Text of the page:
The Mugwump Moment

The hardworking staff at Campaign Outsider was recently asked to compose an essay addressing the state of the communications industry.

Our humble offering:

This is the Mugwump Moment in the media world – mug on one side of the fence, wump on the other.

The fence, of course, is the Internet.

From journalism to television, from film to marketing, the new media are transforming the old, while endlessly recreating themselves.

“The decoupling of advertising from news”

Nowhere is the new-media dynamic more evident than in the newspaper industry. During the 1990s, most newspaper organizations made a dreadful miscalculation – they thought the Internet was the caboose, so they put their content on the Web for free.

To their everlasting dismay, newspapers subsequently learned that the Internet isn’t the caboose. It’s the engine.

In its State of the News Media 2009 report, the Project for Excellence in Journalism wrote,  “The problem facing American journalism is not fundamentally an audience problem or a credibility problem. It is a revenue problem – the decoupling . . . of advertising from news.”

As audiences have migrated to the Internet in steadily growing numbers, they’ve also changed the way they consume news. These New Aggregators, who assemble their own version of the news, no longer need the traditional packagers in the mainstream media. The unit of value for today’s news consumer is the story, not the package.

That leaves news organizations claiming to be platform-agnostic regarding their content. Problem is, they need more revenue acolytes. Some see hope in the new wave of tablet computers like the iPad. Presumably, print publications will not repeat the mistakes of the past, but actually charge for their content in that format.

Small-Screen Play

Broadcast television networks are struggling to keep pace with cable channels, which have two sources of revenue – programming fees from cable operators, and advertising. Increasingly broadcast networks are seeking their own programming fees for cable retransmission, but so far the results have been modest.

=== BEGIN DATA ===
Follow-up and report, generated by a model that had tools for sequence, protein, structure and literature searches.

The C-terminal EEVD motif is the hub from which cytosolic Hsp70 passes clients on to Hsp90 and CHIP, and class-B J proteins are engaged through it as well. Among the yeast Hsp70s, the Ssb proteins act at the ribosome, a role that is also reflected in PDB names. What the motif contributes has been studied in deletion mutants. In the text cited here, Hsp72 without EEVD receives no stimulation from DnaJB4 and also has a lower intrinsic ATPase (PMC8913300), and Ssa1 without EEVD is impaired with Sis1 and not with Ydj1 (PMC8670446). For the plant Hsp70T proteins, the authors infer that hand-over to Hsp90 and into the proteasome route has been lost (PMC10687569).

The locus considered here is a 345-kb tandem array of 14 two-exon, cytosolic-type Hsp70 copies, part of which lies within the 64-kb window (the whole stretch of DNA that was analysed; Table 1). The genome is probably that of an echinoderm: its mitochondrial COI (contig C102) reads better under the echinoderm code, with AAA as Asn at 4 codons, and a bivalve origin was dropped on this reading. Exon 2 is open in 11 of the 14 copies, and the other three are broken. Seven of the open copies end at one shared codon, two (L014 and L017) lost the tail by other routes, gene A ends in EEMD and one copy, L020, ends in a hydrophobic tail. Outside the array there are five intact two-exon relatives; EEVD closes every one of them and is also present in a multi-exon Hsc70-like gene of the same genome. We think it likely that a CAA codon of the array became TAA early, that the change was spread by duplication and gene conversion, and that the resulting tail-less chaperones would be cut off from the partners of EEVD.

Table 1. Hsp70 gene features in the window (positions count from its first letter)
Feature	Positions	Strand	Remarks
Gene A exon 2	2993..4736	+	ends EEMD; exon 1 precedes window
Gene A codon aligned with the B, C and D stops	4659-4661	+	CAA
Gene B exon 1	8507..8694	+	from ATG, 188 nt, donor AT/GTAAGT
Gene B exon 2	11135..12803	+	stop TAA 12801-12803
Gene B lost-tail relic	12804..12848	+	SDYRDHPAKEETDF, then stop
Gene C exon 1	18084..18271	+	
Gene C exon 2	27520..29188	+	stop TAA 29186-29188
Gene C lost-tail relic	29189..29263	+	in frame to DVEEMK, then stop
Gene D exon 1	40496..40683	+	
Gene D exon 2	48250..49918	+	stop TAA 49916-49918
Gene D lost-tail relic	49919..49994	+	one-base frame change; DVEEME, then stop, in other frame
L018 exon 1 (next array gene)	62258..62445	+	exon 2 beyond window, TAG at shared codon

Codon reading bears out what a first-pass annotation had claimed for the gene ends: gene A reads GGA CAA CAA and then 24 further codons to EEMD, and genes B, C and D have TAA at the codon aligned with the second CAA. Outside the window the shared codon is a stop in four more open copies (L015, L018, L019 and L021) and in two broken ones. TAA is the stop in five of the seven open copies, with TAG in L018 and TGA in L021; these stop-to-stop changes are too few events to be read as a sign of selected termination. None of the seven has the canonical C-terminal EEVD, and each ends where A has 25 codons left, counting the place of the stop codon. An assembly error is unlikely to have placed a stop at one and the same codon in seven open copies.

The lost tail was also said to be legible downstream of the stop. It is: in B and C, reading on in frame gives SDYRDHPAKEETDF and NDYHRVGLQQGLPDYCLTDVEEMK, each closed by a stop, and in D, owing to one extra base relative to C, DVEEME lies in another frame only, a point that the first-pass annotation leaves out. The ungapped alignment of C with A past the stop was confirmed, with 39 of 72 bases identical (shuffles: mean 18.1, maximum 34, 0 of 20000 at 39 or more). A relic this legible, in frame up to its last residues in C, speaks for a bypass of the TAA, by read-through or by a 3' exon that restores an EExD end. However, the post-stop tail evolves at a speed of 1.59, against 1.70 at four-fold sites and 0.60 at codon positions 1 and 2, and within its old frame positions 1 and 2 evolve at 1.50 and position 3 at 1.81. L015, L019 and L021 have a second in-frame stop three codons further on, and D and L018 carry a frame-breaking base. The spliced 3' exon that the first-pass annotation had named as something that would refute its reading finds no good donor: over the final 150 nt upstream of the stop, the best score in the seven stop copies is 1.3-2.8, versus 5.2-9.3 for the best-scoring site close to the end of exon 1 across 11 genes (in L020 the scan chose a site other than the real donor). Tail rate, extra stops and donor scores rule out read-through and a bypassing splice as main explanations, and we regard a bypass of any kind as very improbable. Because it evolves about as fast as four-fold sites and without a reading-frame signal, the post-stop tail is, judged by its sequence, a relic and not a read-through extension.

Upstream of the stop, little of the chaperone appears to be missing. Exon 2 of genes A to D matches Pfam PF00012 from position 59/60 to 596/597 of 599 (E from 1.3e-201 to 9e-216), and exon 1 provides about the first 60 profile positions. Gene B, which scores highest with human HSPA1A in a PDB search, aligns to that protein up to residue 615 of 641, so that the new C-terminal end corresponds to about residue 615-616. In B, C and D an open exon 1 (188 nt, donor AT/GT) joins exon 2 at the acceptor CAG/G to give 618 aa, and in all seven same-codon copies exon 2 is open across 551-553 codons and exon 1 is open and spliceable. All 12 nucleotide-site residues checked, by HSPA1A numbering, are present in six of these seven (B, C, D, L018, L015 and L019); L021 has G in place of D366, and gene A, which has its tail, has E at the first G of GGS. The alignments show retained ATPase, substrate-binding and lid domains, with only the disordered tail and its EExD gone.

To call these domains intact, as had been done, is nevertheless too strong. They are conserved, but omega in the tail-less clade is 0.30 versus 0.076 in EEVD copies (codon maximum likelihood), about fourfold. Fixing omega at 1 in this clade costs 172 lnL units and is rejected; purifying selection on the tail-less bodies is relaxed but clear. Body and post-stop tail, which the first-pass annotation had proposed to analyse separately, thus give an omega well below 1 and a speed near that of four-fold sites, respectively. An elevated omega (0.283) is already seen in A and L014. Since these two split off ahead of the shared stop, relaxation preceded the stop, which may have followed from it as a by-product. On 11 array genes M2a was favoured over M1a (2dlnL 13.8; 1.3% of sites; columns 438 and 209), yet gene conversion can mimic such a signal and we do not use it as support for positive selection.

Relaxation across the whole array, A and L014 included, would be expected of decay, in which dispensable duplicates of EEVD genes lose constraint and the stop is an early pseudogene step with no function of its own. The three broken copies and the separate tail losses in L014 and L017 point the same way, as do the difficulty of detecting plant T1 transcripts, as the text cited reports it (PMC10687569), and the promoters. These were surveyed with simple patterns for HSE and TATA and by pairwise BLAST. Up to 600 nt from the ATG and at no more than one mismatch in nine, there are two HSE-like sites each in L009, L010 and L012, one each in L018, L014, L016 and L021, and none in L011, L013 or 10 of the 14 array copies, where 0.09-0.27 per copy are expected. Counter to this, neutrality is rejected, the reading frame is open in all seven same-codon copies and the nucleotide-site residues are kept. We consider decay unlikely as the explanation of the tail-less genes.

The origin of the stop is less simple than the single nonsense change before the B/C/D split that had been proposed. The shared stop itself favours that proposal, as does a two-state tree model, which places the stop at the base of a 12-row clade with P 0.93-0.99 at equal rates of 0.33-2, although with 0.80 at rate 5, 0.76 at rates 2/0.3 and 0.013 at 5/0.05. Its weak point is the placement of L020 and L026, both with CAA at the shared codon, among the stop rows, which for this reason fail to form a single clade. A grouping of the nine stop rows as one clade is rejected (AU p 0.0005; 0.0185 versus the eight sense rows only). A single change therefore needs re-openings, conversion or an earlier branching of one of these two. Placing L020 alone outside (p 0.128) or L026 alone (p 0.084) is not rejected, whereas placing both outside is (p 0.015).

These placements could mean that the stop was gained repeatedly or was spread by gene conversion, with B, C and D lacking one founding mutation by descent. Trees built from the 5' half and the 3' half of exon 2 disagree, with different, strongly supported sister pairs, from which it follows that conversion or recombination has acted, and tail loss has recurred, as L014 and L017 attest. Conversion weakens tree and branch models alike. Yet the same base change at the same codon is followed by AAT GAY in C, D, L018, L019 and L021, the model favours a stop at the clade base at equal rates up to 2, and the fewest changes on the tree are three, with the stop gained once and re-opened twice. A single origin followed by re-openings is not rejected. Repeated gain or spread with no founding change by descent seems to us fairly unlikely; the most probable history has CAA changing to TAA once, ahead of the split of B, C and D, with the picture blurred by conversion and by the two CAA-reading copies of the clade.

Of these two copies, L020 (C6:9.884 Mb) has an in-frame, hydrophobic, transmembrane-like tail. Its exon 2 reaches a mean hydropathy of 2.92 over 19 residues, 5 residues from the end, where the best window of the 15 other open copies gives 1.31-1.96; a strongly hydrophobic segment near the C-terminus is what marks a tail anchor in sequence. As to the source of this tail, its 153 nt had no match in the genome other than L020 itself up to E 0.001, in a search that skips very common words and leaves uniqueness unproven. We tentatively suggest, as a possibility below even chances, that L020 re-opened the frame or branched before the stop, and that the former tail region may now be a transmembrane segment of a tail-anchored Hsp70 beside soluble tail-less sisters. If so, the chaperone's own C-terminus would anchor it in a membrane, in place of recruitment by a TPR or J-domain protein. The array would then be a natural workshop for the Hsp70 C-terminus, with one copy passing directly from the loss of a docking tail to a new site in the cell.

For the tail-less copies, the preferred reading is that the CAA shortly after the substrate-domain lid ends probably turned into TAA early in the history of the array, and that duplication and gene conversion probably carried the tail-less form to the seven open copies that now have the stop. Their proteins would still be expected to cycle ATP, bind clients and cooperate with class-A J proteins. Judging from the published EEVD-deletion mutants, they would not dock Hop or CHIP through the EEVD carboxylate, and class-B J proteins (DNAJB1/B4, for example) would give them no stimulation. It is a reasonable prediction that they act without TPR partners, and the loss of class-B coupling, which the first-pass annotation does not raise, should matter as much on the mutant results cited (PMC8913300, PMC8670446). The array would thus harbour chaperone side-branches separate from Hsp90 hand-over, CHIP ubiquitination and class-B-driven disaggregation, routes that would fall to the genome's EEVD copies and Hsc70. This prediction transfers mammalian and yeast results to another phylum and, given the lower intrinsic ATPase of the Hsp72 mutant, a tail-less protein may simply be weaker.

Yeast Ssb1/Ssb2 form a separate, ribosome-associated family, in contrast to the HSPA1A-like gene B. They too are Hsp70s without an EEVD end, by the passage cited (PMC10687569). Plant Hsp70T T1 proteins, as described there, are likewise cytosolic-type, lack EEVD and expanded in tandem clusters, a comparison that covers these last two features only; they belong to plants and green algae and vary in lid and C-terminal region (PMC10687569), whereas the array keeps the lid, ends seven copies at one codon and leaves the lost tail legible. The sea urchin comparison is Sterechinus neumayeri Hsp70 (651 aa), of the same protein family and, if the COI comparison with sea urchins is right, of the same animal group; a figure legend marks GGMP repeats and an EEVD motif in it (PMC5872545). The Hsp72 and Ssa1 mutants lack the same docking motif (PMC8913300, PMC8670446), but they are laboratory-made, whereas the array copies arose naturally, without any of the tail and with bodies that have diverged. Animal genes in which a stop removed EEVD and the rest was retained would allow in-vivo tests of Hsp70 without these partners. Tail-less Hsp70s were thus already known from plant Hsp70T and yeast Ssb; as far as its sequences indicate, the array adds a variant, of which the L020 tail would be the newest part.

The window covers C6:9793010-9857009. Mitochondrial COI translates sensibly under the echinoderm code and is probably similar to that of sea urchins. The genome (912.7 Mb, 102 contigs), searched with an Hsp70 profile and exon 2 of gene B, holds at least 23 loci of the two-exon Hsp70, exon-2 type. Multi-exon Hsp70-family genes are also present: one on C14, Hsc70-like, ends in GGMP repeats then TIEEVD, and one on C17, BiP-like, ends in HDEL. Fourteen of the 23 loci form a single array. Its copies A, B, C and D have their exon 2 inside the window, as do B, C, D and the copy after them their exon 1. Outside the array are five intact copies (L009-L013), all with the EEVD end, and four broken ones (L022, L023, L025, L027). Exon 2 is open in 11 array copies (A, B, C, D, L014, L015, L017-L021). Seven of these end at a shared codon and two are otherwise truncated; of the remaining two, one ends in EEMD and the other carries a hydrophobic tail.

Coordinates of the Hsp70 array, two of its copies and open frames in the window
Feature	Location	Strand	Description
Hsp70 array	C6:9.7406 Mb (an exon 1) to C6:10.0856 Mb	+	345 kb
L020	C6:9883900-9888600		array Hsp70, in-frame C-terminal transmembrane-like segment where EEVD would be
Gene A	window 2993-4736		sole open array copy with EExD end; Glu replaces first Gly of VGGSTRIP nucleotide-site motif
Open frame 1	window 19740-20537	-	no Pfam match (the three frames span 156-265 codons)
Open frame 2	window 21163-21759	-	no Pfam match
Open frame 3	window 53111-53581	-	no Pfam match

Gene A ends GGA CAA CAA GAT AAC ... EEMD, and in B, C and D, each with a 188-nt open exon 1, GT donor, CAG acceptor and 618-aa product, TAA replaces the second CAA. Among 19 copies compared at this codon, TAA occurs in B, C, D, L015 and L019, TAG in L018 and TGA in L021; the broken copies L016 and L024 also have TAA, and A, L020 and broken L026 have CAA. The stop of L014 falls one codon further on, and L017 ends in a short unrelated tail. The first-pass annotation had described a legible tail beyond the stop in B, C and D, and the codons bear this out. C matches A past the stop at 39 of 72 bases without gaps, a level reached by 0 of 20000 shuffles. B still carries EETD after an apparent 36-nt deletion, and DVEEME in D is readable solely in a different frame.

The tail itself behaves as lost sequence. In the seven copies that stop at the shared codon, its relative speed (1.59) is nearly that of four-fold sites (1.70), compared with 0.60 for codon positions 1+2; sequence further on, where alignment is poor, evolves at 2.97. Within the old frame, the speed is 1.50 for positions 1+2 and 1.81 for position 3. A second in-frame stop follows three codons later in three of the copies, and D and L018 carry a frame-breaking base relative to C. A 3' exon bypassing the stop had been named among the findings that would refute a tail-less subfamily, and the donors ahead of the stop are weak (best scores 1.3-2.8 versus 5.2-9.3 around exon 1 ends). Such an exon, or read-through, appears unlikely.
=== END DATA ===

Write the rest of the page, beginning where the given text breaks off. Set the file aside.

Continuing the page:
On the TV advertising front, Ad Age columnist Bob Garfield has written:

“[T]he fragmentation of mass media creates . . .  an inexorable death spiral, in which audience fragmentation and ad-avoidance hardware lead to an exodus of advertisers, leading in turn to an exodus of capital, leading to a decline in the quality of content, leading to further audience defection, leading to further advertiser defection and so on to oblivion.”

That apocalyptic outcome is far from certain, but those elements are definitely in play. That’s led broadcasters to explore digital options as both a content platform and a revenue source – with some promising results on both fronts.

Film in 3-D: Dazed, Defensive, Depressed

“I think at the moment it’s a strange time to be a filmmaker,” Lord of the Rings director Peter Jackson said recently, “because there’s a sense of depression in the industry. Studios feel DVDs are down and piracy is up, and the entire industry is being as defensive as they possibly can, which leads to movies not being as exciting as they possibly can.”

Which leads to audiences not being as large as they possibly can . . . which leads to . . . see death spiral talk above.

Things are also difficult in what’s been described as the “faltering independent film world.” But once again the Internet is opening up new opportunities and new ways there are currently initiatives by film festivals to use digital distribution and pay-per-view offerings at the same time the films are debuting at the festival.

Strike Up the Brand

The traditional one-way marketing that dominated the advertising and public relations field for so long is gradually yielding to participatory brand-building and relationship marketing.  The rise of social media has provided marketers with tools that both complement and supercharge mass marketing efforts.

Of course, the rise of social marketing brings its own challenges and risks, as these self-styled “citizen marketers” alter the balance of consumer power and operate as co-curators of brand images. This dual brand watchdog/brand ambassador function is a central part of what are no longer marketing campaigns as much as consumer conversations.

So there you have today’s media world – one half firmly grounded in tradition, the other half looking out at new horizons.

Welcome to the Mugwump Moment.

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